The downside to the deal with India

Last week, President Bush visited Southeast Asia, more specifically India and Pakistan. Despite the lack of press coverage for his jaunt, a major international breakthrough occurred as Bush and Indian Prime Minister Manmohan Singh tentatively agreed to a deal regarding nuclear power in India.

On the surface, agreeing to this deal appears to have been a good move. However, further inspection reveals this compromise may lead to greater problems in the long run.

The agreement would allow inspectors to visit 14 of the 22 Indian nuclear reactors and, in turn, ensure that they are solely producing commercial nuclear energy and not weapons-grade plutonium. In turn, American businesses would be allowed to sell India additional nuclear reactors and aid them in setting up a nuclear grid that could power the entire country.

The problem with such a quid pro quo is that eight of the 22 reactors would not be classified as civilian, freeing them from international safeguards regarding the creation of nuclear weaponry. If that wasn’t bad enough, it flies directly in the face of the Nuclear Non-Proliferation Treaty (NPT) that was designed to stop the spread of nukes outside of the “Big 5” nuclear powers.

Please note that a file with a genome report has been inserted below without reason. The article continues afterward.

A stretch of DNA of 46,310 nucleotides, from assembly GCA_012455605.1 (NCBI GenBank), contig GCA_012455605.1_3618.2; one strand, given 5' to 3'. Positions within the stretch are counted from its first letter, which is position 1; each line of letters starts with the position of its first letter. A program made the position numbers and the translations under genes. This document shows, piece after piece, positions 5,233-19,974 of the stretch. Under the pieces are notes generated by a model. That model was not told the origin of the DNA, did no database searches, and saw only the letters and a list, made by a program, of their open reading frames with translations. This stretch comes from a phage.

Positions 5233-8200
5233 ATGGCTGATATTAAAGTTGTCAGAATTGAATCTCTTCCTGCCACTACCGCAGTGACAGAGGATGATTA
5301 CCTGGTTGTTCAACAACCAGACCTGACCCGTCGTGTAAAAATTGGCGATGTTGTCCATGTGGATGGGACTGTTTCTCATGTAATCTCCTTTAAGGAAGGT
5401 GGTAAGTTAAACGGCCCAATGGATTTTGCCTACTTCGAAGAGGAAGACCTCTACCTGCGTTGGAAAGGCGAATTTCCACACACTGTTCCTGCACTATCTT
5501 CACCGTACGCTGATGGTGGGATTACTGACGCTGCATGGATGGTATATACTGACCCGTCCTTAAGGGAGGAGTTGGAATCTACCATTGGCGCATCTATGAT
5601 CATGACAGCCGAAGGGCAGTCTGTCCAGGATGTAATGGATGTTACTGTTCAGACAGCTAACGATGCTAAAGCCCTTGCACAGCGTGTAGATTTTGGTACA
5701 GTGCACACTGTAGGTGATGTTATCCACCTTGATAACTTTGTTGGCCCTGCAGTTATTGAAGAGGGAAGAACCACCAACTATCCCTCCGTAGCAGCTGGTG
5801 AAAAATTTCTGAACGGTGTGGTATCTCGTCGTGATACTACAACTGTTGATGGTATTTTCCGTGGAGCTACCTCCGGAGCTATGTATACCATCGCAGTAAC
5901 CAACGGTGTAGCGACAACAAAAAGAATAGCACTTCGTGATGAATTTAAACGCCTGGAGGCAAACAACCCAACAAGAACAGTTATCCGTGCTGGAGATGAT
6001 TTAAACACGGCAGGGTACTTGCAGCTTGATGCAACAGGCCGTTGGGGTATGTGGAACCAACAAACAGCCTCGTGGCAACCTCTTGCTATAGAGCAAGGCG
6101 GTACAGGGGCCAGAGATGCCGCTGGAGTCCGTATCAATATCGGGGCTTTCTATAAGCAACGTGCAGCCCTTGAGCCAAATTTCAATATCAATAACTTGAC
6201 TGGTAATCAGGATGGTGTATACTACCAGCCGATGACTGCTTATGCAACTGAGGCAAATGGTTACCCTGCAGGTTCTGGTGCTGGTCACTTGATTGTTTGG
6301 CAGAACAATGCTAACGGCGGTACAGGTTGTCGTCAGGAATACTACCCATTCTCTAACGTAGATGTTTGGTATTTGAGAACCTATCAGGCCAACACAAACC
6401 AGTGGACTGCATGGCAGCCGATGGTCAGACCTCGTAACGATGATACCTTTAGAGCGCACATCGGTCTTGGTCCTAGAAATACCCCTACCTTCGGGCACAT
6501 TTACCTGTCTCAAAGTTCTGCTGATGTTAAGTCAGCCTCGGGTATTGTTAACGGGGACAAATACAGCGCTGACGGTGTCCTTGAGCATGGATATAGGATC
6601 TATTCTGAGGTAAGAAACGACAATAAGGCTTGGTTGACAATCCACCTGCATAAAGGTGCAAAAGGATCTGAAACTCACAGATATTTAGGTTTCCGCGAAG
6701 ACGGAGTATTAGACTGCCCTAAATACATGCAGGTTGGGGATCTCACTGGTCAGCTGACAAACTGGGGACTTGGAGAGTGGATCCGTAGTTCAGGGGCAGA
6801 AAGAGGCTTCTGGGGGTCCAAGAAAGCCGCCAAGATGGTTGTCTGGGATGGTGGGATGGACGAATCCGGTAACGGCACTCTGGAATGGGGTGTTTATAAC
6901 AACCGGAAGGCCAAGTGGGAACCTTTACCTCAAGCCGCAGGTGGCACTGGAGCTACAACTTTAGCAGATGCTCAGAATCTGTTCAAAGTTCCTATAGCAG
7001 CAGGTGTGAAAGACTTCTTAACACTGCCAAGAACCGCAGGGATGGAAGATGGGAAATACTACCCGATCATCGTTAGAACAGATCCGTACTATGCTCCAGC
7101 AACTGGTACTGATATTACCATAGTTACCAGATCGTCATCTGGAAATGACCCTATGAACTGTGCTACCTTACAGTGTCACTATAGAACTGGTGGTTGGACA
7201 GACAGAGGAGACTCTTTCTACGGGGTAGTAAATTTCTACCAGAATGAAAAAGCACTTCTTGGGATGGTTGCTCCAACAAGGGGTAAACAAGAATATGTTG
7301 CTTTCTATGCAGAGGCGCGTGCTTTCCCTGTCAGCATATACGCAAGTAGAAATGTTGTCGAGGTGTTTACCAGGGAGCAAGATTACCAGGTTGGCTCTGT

The NPT was signed by 43 nations in 1970, and since then, 147 additional nations have agreed to stop any nation that attempts to build up a nuclear arsenal. India never signed this treaty, and in fact, it has been pushing for nuclear weapons since the implementation of Smiling Buddha in 1974. It officially became a nuclear power in 1998, the same year as its neighbor Pakistan. However, the United States is a charter member of the NPT and has used violations of the NPT as grounds for war in certain cases (i.e. Iraq).

Obviously, India would have these weapons regardless of any action taken by the United States, as would Pakistan. The catch is that America is doing the world a disservice by ignoring the treaty. It sets a bad example for all the countries, such as Japan, Brazil and even Canada, which could have developed nukes if they so desired, but instead played by the rules, so they would be able to receive technology for cheap commercial nuclear power from other countries.

By that same token, when Bush visited Islamabad, Pakistan desired the same sort of deal he offered India. Bush blew them off. While such a move is understandable to an extent, especially considering Pakistan’s nasty habit of selling technology to countries that hate us, doing so in such a seemingly off-the-cuff manner is certain to annoy a “pivotal” ally on the War on Terror.

Of course, India isn’t another North Korea or Iran and shouldn’t be treated as such. At least the compromise limits India to eight reactors. Also, we agree with the idea that the United States and India should have closer relations, seeing as they are the two largest democracies in the world. A burgeoning American-Indian alliance could serve as a much-needed counterweight to China in that part of the world.

But the NPT shouldn’t just be brushed away with a dismissive hand wave in such a blatant geopolitical maneuver.

The above editorial is the consensus opinion of the Daily Kent Stater editorial board.